Apr 27, 2019 I Brett Tingley

A Mysterious Launchpad ‘Anomaly’ and the Future of SpaceX

Earlier this week, SpaceX lost another spacecraft when a mysterious “anomaly” caused a SpaceX Crew Dragon capsule to explode on the launchpad. While many analysts have used the incident to question if Elon Musk’s boastful predictions about SpaceX’s manned spaceflight capabilities might be too good to be true, NASA calmly forged ahead by stating simply “this is why we test.” Can Musk and SpaceX get astronauts safely into space?

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You've got to break a few rocket eggs to make a SpaceX omelette.

The April 20 static engine test took place at Cape Canaveral Air Force Station. In the test, a Crew Dragon crew capsule suffered a massive malfunction, causing it to instantly explode just a few seconds into the test. The Dragon Crew capsule was thought to be ready for a July manned flight to the International Space Station, but that timeline is now likely to be modified. A grainy video alleged to show the incident has been circulating the web, but its veracity cannot be confirmed as SpaceX has refused to comment on it or even acknowledge that an explosion even happened.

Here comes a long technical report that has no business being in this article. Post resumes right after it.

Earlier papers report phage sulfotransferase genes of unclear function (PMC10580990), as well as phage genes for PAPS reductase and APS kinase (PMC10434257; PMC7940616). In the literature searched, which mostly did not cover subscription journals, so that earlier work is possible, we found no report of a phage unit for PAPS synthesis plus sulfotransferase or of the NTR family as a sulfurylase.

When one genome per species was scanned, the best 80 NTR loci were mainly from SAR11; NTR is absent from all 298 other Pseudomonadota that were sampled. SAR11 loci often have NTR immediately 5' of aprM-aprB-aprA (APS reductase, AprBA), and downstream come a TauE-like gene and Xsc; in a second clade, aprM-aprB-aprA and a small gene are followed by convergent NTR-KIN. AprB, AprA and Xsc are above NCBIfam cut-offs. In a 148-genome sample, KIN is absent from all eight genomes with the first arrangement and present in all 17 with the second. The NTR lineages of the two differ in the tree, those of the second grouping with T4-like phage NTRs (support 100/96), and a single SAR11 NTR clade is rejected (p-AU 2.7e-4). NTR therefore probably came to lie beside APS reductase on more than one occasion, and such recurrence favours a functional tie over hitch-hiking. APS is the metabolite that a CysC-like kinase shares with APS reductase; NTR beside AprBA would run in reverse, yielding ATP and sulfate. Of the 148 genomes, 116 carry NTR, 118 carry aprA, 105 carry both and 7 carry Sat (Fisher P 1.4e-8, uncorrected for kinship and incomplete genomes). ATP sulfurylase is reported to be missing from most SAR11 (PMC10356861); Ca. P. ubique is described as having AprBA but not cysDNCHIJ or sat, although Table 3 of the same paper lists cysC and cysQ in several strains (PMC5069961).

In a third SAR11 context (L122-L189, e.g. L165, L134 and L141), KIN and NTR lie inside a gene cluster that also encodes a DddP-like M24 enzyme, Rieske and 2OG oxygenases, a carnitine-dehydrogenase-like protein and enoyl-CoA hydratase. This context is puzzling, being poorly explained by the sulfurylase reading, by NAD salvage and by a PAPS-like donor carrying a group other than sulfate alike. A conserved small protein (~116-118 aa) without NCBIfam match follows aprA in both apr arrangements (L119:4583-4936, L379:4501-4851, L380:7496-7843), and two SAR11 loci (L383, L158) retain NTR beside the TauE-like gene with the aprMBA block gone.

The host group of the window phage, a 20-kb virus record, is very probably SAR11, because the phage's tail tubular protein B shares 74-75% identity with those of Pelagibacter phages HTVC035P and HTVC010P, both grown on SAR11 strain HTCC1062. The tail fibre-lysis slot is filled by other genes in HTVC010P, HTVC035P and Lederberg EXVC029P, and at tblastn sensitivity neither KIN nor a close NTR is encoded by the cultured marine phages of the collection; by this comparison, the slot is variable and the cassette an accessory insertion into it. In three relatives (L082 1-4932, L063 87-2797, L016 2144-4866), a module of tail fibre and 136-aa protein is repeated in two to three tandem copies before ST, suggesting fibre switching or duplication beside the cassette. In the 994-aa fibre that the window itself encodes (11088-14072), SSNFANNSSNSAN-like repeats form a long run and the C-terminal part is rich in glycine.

Following the incident, NASA Administrator Jim Bridenstine said that neither SpaceX nor NASA will be deterred from their mutual goal of getting the next generation of manned rockets off the ground:

NASA and SpaceX teams are assessing the anomaly that occurred today during a part of the Dragon Super Draco Static Fire Test at SpaceX Landing Zone 1 in Florida. This is why we test. We will learn, make the necessary adjustments and safely move forward with our Commercial Crew Program.

Spaceflight is a dangerous endeavor. To date, more than 20 astronauts have lost their as a result of spacecraft testing or spaceflight missions. NASA lost two seven-member space crews in the 1986 mid-launch explosion of the Space Shuttle Challenger and the atmospheric disintegration of Space Shuttle Columbia.

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Debris from the break up of Space Shuttle Columbia.

Anyone who steps aboard a spaceship strapped to an enormous rocket does so with the knowledge that the largest part of them that investigators will find among the burnt, mangled wreckage will likely be a toe, and the soon-to-be crews of the SpaceX Dragon Crew are no different. Can Musk and SpaceX survive their first fatal accident? Will they even make it that far if these test “anomalies” continue?

Brett Tingley

Brett Tingley is a writer and musician living in the ancient Appalachian mountains.

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